By Court Reporter
THE infamous story of V11 forms resurfaced in court on Thursday during trial commencement of MDC vice president Morgen Komichi who is demanding the documents’ release by the Zimbabwe Electoral Commission (ZEC) so he could mount a stronger defence against charges he faces.
The opposition politician brought boxes of what his lawyers claimed to be V11 forms to court as part of his defence.
Komichi stands accused of contravening a section of the country’s Electoral Act which criminalises interrupting, obstructing or disturbing proceedings related to announcement of election results.
He landed in the dock after he allegedly invaded the podium reserved for ZEC officials during the announcement of the 2018 presidential election results August this year to discredit a batch of results that had given then Zanu PF presidential candidate Emmerson Mnangagwa the lead against Nelson Chamisa of MDC.
Komichi challenged the authenticity of the results that had been announced at the time and further declared his boss the winner.
Through his lawyer, Obey Shava, Komichi had applied for release of V11 forms and a police diary of the day he was arrested.
“We are applying for a postponement to gather the V11 forms from all polling stations,” Shava said in court.
“We will require more time considering that ZEC which is the custodian of the documents does not want to release them. There are over 10 000 polling stations, so we need time.”
He added, “What is surprising is that it is ZEC which set the wheel on motion for the prosecution of the accused but now they do not want to release the V11 forms. I take it that they are barring the accused from a fair trial.”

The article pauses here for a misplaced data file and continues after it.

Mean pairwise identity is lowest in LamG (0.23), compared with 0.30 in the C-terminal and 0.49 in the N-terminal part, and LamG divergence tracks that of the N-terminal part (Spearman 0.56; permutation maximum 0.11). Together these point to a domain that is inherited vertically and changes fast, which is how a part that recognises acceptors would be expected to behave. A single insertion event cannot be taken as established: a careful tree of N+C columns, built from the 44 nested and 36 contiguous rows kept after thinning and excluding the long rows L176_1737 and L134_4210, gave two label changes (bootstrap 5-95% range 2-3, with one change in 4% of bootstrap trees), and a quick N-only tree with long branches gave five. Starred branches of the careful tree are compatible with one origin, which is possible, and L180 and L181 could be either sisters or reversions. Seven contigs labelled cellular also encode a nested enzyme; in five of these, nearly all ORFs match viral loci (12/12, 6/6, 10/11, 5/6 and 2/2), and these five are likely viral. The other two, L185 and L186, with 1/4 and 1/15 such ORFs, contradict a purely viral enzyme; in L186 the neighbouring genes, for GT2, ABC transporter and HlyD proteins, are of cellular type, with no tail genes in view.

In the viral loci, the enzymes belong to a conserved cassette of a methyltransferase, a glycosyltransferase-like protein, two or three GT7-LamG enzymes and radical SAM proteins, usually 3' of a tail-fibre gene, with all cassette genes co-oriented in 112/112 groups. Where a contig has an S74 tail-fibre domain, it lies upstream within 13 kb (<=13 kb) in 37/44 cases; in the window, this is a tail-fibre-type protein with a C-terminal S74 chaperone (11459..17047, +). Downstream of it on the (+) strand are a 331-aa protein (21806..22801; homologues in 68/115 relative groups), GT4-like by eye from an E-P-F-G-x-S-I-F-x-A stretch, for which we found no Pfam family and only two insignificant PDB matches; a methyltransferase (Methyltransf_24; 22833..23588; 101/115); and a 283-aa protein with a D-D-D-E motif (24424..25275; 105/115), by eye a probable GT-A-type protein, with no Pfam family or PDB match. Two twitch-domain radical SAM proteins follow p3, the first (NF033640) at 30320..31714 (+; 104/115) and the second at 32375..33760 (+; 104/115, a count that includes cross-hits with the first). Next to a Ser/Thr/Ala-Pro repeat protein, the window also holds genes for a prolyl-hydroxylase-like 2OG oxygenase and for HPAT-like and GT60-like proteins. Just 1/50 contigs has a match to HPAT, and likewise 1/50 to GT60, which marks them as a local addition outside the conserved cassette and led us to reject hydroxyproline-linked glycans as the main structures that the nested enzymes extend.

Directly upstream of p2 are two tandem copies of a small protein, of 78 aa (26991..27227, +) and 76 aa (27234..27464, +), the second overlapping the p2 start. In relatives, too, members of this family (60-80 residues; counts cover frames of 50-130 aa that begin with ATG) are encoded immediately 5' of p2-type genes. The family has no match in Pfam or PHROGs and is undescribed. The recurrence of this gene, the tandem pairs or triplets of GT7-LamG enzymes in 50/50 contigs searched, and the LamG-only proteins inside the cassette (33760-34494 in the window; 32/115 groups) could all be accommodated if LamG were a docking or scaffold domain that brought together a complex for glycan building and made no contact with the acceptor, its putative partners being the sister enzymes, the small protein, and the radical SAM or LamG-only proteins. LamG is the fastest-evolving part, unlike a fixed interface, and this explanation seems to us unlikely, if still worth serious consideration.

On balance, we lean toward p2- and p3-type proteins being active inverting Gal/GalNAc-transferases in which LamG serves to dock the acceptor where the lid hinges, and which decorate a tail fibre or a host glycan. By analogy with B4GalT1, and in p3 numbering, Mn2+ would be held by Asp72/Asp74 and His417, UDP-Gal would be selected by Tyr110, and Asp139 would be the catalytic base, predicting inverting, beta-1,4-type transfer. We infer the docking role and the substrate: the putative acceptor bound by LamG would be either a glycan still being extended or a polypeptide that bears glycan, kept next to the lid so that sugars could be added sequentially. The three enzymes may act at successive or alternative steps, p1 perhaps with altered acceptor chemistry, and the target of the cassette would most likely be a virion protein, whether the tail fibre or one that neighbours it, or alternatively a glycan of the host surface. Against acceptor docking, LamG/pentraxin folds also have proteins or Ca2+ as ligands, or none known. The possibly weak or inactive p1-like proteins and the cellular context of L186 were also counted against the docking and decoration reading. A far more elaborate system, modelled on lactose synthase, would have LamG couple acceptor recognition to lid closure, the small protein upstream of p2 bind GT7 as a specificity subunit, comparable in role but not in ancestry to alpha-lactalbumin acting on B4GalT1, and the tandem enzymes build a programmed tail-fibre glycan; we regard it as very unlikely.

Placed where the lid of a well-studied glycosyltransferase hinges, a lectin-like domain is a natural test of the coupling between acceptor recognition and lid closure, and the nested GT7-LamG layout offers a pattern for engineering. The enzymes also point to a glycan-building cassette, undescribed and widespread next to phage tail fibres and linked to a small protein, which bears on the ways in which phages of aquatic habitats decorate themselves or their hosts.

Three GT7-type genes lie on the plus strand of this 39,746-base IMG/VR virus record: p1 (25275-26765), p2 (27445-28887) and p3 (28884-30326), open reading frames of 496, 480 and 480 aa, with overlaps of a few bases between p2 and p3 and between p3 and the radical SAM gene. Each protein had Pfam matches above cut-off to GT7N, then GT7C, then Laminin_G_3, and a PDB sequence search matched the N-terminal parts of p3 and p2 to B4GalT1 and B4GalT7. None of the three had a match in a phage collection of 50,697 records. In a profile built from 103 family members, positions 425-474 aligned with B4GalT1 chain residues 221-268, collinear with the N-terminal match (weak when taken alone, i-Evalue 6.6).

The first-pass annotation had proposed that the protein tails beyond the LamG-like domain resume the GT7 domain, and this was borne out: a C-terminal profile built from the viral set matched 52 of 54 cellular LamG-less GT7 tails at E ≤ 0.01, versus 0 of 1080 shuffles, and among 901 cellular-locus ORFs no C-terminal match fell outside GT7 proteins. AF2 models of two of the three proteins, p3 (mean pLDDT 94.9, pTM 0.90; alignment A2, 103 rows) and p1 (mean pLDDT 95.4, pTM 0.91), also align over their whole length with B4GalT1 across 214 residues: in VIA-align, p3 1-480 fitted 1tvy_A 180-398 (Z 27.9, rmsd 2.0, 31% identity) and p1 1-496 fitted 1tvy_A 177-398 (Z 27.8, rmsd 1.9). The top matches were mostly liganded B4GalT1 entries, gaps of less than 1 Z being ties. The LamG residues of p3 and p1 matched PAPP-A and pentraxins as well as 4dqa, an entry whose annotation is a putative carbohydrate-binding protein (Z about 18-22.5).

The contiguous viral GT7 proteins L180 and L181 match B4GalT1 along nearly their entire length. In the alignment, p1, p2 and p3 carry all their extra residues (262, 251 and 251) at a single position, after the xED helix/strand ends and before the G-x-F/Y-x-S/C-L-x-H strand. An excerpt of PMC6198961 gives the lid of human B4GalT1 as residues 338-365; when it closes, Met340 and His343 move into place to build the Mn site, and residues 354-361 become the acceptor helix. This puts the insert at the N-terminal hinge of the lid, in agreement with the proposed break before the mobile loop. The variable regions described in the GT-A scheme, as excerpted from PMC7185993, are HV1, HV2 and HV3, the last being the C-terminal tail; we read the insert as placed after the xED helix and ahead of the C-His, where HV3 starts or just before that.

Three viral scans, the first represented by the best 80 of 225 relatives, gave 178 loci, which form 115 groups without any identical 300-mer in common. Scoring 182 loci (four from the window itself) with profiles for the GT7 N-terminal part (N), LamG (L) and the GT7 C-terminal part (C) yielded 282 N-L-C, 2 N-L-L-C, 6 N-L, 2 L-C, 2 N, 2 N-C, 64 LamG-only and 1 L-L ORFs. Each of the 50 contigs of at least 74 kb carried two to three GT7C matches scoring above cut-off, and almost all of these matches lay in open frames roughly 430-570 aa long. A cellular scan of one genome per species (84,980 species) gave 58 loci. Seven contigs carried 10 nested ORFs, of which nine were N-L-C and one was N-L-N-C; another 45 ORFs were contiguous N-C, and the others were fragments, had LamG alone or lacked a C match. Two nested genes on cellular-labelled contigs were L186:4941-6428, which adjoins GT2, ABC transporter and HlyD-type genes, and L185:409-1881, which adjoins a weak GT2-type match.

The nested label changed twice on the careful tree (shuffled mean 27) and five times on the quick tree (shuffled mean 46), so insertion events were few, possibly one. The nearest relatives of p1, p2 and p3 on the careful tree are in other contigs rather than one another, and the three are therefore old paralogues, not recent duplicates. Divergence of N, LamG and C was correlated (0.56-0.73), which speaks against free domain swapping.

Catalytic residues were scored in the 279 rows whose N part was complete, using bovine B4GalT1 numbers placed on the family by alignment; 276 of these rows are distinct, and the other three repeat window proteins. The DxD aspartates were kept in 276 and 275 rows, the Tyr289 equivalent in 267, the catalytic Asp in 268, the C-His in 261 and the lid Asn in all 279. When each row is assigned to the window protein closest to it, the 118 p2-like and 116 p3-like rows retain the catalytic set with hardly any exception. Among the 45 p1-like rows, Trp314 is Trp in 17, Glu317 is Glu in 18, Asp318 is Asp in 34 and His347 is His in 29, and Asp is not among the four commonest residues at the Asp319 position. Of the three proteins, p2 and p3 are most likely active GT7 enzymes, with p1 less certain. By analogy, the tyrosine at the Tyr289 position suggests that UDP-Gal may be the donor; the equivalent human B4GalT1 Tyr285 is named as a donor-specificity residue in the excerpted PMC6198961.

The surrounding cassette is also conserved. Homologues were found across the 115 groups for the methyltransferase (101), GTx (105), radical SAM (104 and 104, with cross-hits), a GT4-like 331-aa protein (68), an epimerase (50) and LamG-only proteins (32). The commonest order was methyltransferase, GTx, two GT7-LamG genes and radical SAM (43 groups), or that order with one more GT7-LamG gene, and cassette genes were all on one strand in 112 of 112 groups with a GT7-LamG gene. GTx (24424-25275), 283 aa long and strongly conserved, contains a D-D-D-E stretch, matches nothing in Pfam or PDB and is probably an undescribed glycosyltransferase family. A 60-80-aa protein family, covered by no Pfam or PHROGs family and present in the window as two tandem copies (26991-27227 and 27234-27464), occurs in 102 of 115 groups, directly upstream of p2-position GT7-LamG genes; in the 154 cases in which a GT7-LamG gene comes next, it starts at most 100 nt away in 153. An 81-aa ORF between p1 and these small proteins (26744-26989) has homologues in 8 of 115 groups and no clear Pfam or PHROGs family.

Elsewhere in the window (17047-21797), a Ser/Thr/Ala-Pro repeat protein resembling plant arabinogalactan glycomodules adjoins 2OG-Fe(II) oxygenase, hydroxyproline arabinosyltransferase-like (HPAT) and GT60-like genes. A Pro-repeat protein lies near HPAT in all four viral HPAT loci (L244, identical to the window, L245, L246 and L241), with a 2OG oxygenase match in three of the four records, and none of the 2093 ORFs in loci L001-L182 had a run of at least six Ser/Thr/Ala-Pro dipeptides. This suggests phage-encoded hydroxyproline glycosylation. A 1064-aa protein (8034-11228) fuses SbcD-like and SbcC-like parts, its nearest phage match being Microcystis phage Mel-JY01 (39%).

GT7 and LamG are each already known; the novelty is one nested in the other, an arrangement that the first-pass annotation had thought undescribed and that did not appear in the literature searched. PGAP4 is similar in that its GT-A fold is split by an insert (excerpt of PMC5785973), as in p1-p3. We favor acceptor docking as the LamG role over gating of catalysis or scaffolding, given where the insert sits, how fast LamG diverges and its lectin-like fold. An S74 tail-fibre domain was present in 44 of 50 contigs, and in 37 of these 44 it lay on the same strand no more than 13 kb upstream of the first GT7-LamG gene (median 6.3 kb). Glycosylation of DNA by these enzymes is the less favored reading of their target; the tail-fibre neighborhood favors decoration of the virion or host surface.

But prosecutor Michael Reza told court that the documents which the defence required were no longer available.
He said the lawyer was misdirecting his client as his requests would only work against the latter.
“The defence is inviting the court to perform a legal nullity; that is to review its ruling. Let me advise my learned brother that the accused process of looking for V11 is futile,” he said.
Reza said all the election material has been destroyed already.
“According to section 70 (3) of the Electoral Act, the chief elections officer shall, unless an election petition is lodged in relation to the ward or constituency concerned cause to be destroyed, all the documents, not earlier than the 14th day after the end of the election.
“Infact, if the accused is still holding on to any election material, he should be arrested. In fact, I feel for him (Komichi) and his lawyers are misleading him,” said Reza.
Elisha Singano, the magistrate presiding over the case, however trashed Komichi’s requests saying the documents he required had no relevance to the allegations he was facing.
“Court sees no relevance of these as they were not even mentioned in the charge sheet or state outline,” ruled Singano after the former Transport deputy minister had kept applying for postponement of trial so he could lay his hands on the forms.
“Court is of the view that the accused’s application lacks merit and is meant for delaying the trial. As such, it is dismissed,” he said.
Singano then ordered trial commencement saying his court could only postpone a trial when it was really necessary.
“The accused will not suffer any prejudice of the trial commences now. He can look for the material he needs while the trial is in motion,” he said.
V11 forms were used by ZEC staff to record election raw data pertaining to polling stations but became highly topical when Chamisa filed a Constitutional Court challenge against Mnangagwa’s victory.